Incentive-Based Carpooling Application Launched in Seattle Area Led to 85 Percent Reduction in Single Occupancy Vehicle Mode Share, Based on the Participants’ Survey Responses.
A Policy Experiment Facilitated by the Collaboration Between a Public Transit Agency in Seattle and a Dynamic Carpooling Service Provider Was Used to Evaluate the Impact of Monetary Incentives on Car-pooling Behavior Among Survey Participants.
Date Posted

Exploring partnership between transit agency and shared mobility company: an incentive program for app-based carpooling

Summary Information

Technological advancements and development of mobile information and communication has helped app-based shared mobility services emerge as a competing mode of urban transportation. This study conducted a data-based research to understand how public transit agencies can deliver mobility services with shared mobility and ride-hailing services on the rise. King County Metro – the primary transit agency in the Seattle region launched the Carpool Incentive Fund (CIF) program aimed towards building a shared mobility public-private partnership with a dynamic carpooling service provider in the region. As a part of the program, participants who commuted using the dynamic app-based carpooling service were offered monetary incentives. The five-month program offered up to $2 incentive to participant of each carpooling trip from December 2018 to April 2019. Statistical models were used to evaluate the effects of the monetary incentive in encouraging the use of app-based carpooling.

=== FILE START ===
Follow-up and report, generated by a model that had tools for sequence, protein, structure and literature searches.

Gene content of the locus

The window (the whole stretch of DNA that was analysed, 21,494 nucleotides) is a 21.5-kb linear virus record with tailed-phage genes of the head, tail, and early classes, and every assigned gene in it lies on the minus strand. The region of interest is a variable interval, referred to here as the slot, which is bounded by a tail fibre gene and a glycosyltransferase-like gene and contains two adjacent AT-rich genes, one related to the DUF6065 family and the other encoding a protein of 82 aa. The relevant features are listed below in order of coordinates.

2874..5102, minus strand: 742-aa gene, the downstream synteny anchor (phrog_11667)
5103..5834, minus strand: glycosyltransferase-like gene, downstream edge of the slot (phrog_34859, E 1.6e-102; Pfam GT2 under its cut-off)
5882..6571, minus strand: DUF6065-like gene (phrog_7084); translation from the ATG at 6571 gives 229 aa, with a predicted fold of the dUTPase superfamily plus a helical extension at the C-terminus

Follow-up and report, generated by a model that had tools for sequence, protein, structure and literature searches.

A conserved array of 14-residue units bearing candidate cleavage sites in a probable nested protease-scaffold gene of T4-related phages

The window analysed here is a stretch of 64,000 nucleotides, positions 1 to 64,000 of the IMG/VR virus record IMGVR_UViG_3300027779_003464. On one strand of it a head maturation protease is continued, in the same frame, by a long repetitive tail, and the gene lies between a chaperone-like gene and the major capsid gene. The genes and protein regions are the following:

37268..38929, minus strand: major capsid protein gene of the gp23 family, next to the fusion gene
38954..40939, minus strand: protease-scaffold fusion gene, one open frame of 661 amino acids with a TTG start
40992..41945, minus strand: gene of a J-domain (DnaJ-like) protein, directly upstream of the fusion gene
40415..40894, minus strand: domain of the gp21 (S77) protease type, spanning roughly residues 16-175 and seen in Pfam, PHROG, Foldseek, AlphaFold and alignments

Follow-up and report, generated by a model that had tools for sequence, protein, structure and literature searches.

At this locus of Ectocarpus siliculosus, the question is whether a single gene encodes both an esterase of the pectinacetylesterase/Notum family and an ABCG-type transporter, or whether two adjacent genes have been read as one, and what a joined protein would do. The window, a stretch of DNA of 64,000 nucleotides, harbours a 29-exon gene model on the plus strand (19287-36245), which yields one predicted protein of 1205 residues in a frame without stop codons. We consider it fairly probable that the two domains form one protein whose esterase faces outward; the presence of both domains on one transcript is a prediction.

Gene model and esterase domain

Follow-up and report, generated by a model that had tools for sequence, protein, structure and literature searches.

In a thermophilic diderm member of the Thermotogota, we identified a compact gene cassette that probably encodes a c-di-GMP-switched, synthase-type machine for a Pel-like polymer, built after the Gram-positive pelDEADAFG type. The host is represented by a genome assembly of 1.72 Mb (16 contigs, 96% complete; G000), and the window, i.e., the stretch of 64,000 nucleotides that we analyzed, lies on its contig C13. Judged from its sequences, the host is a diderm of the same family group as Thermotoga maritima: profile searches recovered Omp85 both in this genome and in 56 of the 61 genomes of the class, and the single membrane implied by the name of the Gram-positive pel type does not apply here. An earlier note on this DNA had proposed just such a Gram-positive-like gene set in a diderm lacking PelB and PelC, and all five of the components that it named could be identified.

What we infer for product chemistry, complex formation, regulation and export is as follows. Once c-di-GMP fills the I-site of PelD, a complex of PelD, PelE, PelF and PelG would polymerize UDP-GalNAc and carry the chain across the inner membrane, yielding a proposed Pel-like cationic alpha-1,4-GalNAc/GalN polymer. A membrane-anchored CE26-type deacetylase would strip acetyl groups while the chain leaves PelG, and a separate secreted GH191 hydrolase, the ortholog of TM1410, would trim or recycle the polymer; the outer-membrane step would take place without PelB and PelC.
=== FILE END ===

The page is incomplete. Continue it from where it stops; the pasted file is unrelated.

Data-based research is undertaken to evaluate the effects of various strategies that can facilitate carpooling through a collaboration between the public and the private sector in the transportation environment in Seattle. The research study integrated two types of data – a detailed data set that contained information regarding carpooling trips including trip duration, origin and destination at the census tract level, vehicle occupancy, trip cost and amount of incentive provided. The second type of data was collected through an electronic survey of carpool participants enquiring about their travel behaviors, socio-demographic characteristics, habits and preferences. Statistical models were developed using these two datasets to evaluate the CIF program using quantifiable metrics such as reduction in VMT and change in travel preferences before and after the introduction of the program. 


  • Nine percent of the survey respondents reported using single occupancy vehicles (SOV) as their primary mode after the availability of carpooling services as compared to 58 percent before the service was made available (a 85 percent reduction). The average carpool occupancy per trip was between 2.37 and 2.4 during the program period indicating that a large proportion of the carpooling trips were shared by three or more people.
  • The substitution effect on other modes was strong among the commuters who adopted carpooling. Only 7 percent of the survey respondents used public transit after the introduction of carpooling services as compared to 25 percent before the implementation.
  • The monetary incentive provided by the Kings County Metro resulted in a reduction of 900,000 – 1,000,000 vehicle miles traveled during the experiment period with an estimated cost of $0.40 per vehicle mile travelled. The reduction in VMT does not include long term impacts of the carpooling program after the monetary incentive had been removed. 
Results Type
Deployment Locations